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Vector Calculus (Maxwell's equations and the Poynting Vector) Watch

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    Q5 here: http://www.damtp.cam.ac.uk/user/examples/A5d.pdf

    Really have no idea where to go with this. I have no idea where c^2 could possibly come from and I tried finding dpi/dt and got to this:

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    And frankly I think all of that is absolute rubbish.

    Any help would be appreciated.

    Thanks
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    I think you've done some unnecessary steps - it should become a bit clearer if you use that c^2 = \frac1{\mu_0 \epsilon_0}, and I would find dT/dxi too (you then see some structural similarity).
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    (Original post by Smaug123)
    I think you've done some unnecessary steps - it should become a bit clearer if you use that c^2 = \frac1{\mu_0 \epsilon_0}, and I would find dT/dxi too (you then see some structural similarity).
    Right, okay. I'm not too sure how to differentiate the first part of Tij (the part with delta ij). It's just a scalar multiple of the identity matrix right? I'm not too sure what to do with that.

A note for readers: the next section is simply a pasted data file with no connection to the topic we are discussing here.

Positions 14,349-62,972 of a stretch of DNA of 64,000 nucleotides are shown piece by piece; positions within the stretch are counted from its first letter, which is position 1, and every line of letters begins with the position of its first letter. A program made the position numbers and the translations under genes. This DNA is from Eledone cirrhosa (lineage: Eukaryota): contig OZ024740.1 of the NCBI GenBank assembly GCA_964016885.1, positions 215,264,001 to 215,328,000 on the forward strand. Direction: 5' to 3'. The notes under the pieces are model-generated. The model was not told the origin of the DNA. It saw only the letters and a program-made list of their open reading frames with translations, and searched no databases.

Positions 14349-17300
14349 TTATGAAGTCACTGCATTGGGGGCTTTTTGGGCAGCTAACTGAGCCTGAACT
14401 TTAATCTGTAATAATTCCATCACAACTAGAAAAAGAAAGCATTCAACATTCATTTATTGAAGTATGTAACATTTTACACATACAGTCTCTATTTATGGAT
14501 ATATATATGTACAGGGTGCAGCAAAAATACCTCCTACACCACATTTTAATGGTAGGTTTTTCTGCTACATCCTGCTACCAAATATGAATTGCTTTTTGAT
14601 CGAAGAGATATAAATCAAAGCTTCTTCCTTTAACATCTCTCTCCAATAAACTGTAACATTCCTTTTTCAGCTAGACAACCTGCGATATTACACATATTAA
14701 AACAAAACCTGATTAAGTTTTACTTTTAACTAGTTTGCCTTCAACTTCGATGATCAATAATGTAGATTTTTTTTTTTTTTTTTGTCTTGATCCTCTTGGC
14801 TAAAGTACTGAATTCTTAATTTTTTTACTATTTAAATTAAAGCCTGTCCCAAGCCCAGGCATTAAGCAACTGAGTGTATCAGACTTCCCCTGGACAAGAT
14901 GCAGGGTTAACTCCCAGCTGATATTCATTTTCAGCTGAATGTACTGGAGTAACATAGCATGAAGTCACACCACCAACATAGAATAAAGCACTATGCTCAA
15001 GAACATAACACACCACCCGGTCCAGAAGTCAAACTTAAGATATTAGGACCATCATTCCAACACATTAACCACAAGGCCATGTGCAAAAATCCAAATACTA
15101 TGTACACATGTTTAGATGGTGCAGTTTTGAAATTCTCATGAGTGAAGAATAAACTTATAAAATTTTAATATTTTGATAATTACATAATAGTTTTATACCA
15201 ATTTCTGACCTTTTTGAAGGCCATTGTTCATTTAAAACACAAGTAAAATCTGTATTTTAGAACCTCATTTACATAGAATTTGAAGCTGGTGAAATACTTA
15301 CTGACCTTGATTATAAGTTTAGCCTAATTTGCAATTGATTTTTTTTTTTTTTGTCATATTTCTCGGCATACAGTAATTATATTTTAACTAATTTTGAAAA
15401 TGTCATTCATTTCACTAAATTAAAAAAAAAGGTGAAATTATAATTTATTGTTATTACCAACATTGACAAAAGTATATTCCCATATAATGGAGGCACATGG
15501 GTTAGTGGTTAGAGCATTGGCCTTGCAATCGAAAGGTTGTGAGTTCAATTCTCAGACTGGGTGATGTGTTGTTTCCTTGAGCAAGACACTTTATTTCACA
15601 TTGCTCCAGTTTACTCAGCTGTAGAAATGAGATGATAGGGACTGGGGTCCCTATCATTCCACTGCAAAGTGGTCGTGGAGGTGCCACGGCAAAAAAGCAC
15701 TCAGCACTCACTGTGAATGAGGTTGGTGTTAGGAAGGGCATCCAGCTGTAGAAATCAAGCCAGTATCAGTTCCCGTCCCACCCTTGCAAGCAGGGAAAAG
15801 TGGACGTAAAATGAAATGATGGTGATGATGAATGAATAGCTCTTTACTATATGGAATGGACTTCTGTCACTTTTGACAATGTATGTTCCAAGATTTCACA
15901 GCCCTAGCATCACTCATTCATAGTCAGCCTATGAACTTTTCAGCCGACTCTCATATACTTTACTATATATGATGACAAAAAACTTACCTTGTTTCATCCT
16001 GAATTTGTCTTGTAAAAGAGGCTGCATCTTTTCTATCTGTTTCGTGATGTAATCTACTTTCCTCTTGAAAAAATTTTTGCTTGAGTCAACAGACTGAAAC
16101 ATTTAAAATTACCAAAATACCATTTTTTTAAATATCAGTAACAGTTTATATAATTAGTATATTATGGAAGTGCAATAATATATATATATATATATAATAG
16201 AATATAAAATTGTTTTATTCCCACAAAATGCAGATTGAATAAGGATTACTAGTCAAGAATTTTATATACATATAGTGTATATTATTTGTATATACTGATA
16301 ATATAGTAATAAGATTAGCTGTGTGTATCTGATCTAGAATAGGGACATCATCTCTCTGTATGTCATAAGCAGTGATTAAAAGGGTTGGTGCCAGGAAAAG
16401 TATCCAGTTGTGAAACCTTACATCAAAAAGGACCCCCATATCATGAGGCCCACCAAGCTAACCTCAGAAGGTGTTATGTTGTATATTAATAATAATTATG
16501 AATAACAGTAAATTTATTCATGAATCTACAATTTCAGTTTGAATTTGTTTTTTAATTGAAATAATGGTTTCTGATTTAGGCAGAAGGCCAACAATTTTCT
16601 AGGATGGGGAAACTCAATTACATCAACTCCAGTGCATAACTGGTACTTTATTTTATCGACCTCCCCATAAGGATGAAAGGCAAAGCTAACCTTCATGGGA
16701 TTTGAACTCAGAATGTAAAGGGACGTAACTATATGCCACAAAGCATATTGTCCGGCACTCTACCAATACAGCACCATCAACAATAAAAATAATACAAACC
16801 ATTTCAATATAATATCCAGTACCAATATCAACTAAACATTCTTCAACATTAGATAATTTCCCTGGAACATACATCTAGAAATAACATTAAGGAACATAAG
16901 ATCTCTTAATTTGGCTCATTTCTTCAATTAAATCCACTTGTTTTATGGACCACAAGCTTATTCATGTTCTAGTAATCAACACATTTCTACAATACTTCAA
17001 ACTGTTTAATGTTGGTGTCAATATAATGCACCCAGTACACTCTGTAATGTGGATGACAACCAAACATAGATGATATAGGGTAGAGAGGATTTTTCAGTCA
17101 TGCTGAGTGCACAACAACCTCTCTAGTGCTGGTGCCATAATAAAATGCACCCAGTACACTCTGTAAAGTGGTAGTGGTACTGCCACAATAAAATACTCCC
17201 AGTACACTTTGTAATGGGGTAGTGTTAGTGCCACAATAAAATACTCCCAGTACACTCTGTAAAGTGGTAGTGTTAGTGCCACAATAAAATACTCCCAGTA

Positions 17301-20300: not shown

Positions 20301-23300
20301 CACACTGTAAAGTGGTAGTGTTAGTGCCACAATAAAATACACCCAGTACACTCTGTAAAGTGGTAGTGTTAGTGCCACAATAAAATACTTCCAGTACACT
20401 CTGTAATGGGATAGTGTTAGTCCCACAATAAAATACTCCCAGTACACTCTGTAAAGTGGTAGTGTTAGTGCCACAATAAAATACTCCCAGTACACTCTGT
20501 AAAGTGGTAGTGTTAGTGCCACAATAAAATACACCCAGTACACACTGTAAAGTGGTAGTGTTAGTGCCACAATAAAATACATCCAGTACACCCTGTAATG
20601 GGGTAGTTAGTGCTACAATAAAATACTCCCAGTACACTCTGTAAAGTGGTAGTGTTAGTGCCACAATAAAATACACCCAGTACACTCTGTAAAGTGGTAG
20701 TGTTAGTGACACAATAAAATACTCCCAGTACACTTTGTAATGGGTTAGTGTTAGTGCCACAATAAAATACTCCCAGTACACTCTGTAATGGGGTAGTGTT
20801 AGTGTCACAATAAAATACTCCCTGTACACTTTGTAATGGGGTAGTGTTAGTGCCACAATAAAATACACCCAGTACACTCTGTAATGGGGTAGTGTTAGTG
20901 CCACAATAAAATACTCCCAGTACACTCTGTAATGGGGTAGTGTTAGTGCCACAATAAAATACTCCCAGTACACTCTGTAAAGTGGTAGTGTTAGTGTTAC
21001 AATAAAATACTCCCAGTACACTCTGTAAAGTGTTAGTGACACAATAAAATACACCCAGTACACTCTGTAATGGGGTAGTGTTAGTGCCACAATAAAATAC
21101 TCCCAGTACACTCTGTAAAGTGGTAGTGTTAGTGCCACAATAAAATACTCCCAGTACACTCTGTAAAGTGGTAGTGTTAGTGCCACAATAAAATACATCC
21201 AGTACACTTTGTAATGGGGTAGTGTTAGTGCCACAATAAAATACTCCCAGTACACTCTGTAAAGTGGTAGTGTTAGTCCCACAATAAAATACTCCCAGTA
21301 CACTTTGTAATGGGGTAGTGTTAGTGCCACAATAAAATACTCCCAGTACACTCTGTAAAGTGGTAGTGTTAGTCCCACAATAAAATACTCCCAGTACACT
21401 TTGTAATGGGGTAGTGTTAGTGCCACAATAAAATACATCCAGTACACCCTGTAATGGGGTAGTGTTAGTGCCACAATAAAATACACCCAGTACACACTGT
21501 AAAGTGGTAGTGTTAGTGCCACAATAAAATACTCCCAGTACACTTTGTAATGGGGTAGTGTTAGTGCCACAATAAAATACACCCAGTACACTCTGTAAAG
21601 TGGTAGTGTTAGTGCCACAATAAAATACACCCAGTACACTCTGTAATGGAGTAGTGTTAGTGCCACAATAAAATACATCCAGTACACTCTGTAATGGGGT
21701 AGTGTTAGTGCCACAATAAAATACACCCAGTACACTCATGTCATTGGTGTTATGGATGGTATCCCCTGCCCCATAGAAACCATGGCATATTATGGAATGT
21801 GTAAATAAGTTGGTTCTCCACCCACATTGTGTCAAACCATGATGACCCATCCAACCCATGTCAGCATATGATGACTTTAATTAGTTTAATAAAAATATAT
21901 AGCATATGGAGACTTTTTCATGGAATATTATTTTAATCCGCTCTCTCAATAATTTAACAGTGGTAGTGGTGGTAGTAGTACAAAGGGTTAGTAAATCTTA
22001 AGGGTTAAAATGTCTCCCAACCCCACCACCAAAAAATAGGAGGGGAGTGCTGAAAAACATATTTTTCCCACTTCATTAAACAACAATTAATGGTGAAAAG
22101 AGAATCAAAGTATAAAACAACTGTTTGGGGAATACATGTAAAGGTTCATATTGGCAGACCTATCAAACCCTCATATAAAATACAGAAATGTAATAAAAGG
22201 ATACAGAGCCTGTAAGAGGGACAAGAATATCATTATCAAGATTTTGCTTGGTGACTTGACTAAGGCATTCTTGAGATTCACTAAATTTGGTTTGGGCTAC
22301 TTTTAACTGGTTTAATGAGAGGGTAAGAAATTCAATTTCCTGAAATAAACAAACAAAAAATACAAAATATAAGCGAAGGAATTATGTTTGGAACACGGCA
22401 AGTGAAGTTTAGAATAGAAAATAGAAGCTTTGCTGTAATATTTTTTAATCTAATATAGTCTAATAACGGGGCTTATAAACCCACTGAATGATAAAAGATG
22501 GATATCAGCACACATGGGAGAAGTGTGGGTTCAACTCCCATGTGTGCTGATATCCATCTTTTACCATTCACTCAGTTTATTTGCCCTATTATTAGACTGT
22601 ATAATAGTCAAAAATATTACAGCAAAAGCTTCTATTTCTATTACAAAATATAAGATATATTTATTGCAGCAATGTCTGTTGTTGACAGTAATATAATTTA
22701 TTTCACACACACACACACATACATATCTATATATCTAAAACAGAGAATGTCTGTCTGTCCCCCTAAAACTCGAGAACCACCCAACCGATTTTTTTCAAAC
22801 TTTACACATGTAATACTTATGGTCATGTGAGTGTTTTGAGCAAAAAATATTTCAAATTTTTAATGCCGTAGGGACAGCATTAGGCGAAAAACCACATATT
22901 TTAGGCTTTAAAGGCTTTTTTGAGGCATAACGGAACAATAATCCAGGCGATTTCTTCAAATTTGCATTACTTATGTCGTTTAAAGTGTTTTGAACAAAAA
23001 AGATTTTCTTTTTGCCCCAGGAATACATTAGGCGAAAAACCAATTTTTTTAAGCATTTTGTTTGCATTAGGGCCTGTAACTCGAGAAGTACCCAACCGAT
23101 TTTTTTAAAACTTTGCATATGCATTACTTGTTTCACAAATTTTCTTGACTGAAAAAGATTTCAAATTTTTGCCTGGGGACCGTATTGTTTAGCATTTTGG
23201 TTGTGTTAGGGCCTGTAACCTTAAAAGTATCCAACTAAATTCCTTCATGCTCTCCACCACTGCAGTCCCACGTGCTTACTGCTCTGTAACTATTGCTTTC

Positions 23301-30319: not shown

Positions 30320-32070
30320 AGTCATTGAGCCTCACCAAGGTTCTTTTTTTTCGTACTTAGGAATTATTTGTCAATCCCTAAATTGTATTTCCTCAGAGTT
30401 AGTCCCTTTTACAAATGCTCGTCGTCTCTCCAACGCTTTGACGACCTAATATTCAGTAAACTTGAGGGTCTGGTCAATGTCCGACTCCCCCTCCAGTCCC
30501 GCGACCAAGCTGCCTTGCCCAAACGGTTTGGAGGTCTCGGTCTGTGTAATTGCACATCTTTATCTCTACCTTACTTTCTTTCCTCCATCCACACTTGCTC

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    (Original post by Intriguing Alias)
    Right, okay. I'm not too sure how to differentiate the first part of Tij (the part with delta ij). It's just a scalar multiple of the identity matrix right? I'm not too sure what to do with that.
    You can treat the delta function with differentials just as normal: \delta_{ij} \frac{dx_i}{dy_j} = \frac{dx_i}{dy_i}.
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    (Original post by Smaug123)
    You can treat the delta function with differentials just as normal: \delta_{ij} \frac{dx_i}{dy_j} = \frac{dx_i}{dy_i}.
    I managed it now, thanks for the help.
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    (Original post by Intriguing Alias)
    I managed it now, thanks for the help.
    No problem I should really do that sheet - my supervisor gives us different ones, the questions are broadly the same, but I see that the official sheets have much more Maxwell in them, so if that's a hint as to what will come up in the exam…
 
 
 
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